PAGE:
There is hardly a more politically-charged fulcrum of international affairs in the world than the Straits of Hormuz in the Middle East.
An ideological battleground for thousands of years between the Persian Empire, the Mongol Empire, the Ottomans, the Muslims, even Alexander the Great was there. And the British of course.
And the Americans. Irish people are renowned for global peregrinations and while we never sullied other shores with an imperial footprint we did serve in their ranks.
The British East India Company, pushing its trade boundaries further east towards India, booted the Portuguese garrison under Albuquerque out of Hormuz Island in 1622 on the invitation of the Persian ruler Shah Abbas.
Four hundred years later and different alliances prevail in the current standoff between Iran and the US/UK alliance.
A high percentage of the East India Company’s soldiery was Irish and the likelihood of them being involved in this engagement is very high.
When the Irish Examiner visited Hormuz last year the evidence of the British (and Irish?) bombardment of the Hormuz fort was plain to see, with much of the fortress in ruins.
However, 300 years before this another Irishman set foot on Hormuz.
Friar James of Ireland, in common with the longstanding tradition of scholarship among Irish monks, (St Brendan, St Colmcille, St Finan) had travelled to Europe to continue his studies at a Franciscan centre.
While abroad he encountered a fellow Franciscan friar who informed James of his audacious plan to travel to Cathay (modern day China) to spread the word of Jesus. In 1318, Odoric of Pordenone went on to visit Constantinople, Baghdad and Mumbai on his way to China.
Friar James accompanied him at least part of the way but certainly to Hormuz.
Odoric referred to “Ormes, [Hormuz, also spelled Hormus and Ormus] a city strongly fortified and abounding in costly wares, situated on an island 5 miles distant from the main... visited more than once by Ibn Battuta … was a great and fine city rising out of the sea, and serving as a mart [market] for all the products of India, which were distributed hence over all Persia.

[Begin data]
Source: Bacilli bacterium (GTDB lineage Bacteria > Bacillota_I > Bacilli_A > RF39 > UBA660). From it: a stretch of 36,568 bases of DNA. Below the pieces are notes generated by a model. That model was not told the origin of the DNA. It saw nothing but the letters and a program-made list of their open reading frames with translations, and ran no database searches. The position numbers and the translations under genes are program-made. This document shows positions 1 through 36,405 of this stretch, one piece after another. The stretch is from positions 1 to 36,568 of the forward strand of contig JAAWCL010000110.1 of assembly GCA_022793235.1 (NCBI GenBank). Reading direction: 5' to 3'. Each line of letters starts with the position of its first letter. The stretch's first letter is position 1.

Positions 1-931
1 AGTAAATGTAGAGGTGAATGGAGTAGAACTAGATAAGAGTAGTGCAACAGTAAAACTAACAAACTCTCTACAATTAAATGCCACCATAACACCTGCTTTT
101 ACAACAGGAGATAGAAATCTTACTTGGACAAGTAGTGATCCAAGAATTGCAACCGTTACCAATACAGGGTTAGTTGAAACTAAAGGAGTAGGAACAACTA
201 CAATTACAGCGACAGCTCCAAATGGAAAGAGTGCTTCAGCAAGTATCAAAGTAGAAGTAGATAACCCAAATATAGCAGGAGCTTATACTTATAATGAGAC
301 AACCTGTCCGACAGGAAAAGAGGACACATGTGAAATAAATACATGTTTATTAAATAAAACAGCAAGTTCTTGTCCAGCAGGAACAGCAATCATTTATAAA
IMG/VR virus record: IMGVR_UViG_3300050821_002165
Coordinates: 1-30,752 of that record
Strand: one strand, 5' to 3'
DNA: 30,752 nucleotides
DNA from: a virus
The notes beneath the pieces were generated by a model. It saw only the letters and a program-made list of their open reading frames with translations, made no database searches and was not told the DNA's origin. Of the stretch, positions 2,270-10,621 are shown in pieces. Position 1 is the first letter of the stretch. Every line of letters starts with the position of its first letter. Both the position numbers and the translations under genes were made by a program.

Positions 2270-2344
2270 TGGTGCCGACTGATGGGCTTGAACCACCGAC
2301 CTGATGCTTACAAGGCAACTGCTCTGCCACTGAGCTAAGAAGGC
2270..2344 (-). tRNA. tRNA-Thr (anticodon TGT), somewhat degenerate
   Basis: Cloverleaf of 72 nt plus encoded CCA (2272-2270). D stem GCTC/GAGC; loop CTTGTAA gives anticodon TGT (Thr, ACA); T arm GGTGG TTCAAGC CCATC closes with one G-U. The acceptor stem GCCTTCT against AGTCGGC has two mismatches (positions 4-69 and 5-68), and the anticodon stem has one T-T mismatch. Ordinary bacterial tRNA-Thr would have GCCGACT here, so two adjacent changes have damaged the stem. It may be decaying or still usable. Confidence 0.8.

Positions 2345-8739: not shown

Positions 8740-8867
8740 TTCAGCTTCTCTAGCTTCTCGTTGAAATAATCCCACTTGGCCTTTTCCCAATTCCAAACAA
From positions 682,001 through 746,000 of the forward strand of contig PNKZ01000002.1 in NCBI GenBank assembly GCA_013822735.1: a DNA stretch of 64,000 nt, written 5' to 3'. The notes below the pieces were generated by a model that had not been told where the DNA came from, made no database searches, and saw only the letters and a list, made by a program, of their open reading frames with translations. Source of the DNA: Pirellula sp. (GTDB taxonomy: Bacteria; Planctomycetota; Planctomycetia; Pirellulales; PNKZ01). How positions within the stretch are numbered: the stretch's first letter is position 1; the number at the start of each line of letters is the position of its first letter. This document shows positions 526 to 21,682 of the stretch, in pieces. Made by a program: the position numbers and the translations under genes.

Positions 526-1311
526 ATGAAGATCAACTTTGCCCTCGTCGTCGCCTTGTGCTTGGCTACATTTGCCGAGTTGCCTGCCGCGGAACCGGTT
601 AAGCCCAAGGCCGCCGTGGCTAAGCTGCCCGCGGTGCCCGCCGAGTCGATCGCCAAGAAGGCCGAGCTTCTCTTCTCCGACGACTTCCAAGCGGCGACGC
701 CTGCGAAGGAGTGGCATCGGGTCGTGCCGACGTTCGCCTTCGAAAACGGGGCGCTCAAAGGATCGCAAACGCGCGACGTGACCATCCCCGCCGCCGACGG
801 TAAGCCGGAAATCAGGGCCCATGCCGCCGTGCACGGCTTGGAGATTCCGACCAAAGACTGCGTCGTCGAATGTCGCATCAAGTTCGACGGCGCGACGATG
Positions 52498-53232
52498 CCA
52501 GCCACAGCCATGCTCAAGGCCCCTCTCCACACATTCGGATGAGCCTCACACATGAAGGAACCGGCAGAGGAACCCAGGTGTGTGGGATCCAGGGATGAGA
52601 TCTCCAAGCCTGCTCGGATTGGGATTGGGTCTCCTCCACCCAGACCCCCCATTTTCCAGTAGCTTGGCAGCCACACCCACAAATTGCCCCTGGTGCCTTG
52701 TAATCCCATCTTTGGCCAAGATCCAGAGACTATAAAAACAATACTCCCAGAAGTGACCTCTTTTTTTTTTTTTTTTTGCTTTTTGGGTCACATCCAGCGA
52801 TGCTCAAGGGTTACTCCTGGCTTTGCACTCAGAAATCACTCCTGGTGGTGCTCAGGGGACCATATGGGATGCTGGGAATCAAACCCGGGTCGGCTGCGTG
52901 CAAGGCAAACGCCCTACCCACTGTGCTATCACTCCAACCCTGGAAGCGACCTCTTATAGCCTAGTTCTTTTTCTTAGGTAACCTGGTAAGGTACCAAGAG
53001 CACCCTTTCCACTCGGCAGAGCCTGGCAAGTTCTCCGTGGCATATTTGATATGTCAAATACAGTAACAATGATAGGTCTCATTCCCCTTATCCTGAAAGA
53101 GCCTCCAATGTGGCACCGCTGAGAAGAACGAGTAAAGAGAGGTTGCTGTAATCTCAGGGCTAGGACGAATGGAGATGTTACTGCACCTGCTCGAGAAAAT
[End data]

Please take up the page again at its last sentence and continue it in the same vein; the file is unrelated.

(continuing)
The hills on the island were of rock-salt, from which vases and pedestals for lamps were carved.” Ibn Battuta was the renowned Muslim scholar who travelled most of the known world and in whose footsteps Odoric and friar James were to travel. A certain Marco Polo also visited.
It is not known how successful Odoric and his Irish friend were at proselytising in the Muslim kingdom but certainly they emerged with their lives where other Franciscans in the region had been put to the sword.
The two set sail from Hormuz to India and travelled on to China. On the pairs’ return in 1329 a presentation of two marks was bestowed to James by the city of Udine who was mentioned by the public records office as being a “companion of the blessed Brother Odoric, loved of God and Ordoric”.
The journey appeared in an account in the Italian city of Udine where the Franciscans had an order.
Today’s Hormuz is a different affair to the splendours of the past and were it not for its location in the great oil-trading strait of the world would be a sleepy backwater. It is primarily a tourist destination for mainly Iranians and a trickle of foreigners.
The island’s standout characteristic is its red sand which is used in the manufacture of lipstick and as a dye in carpets. Its blazing hues can be seen all over the lovely beaches and the Portuguese fort ruins.
On arrival by ferry from the mainland city of Bandar Abbas the first thing that hits you is the wall of heat — in the 50s! Visitors are offered tours of the island on bockety tuk tuks — effectively three-wheeled golf buggies that whisk you around to the other sites.
Hormuz is also famous for its multicoloured rocks derived from its unusual geology and for its salt mountains.
The population of about 6,000 works in fishing and what’s left of the tourist industry after Trump tore up the Joint Comprehensive Plan of Action nuclear deal.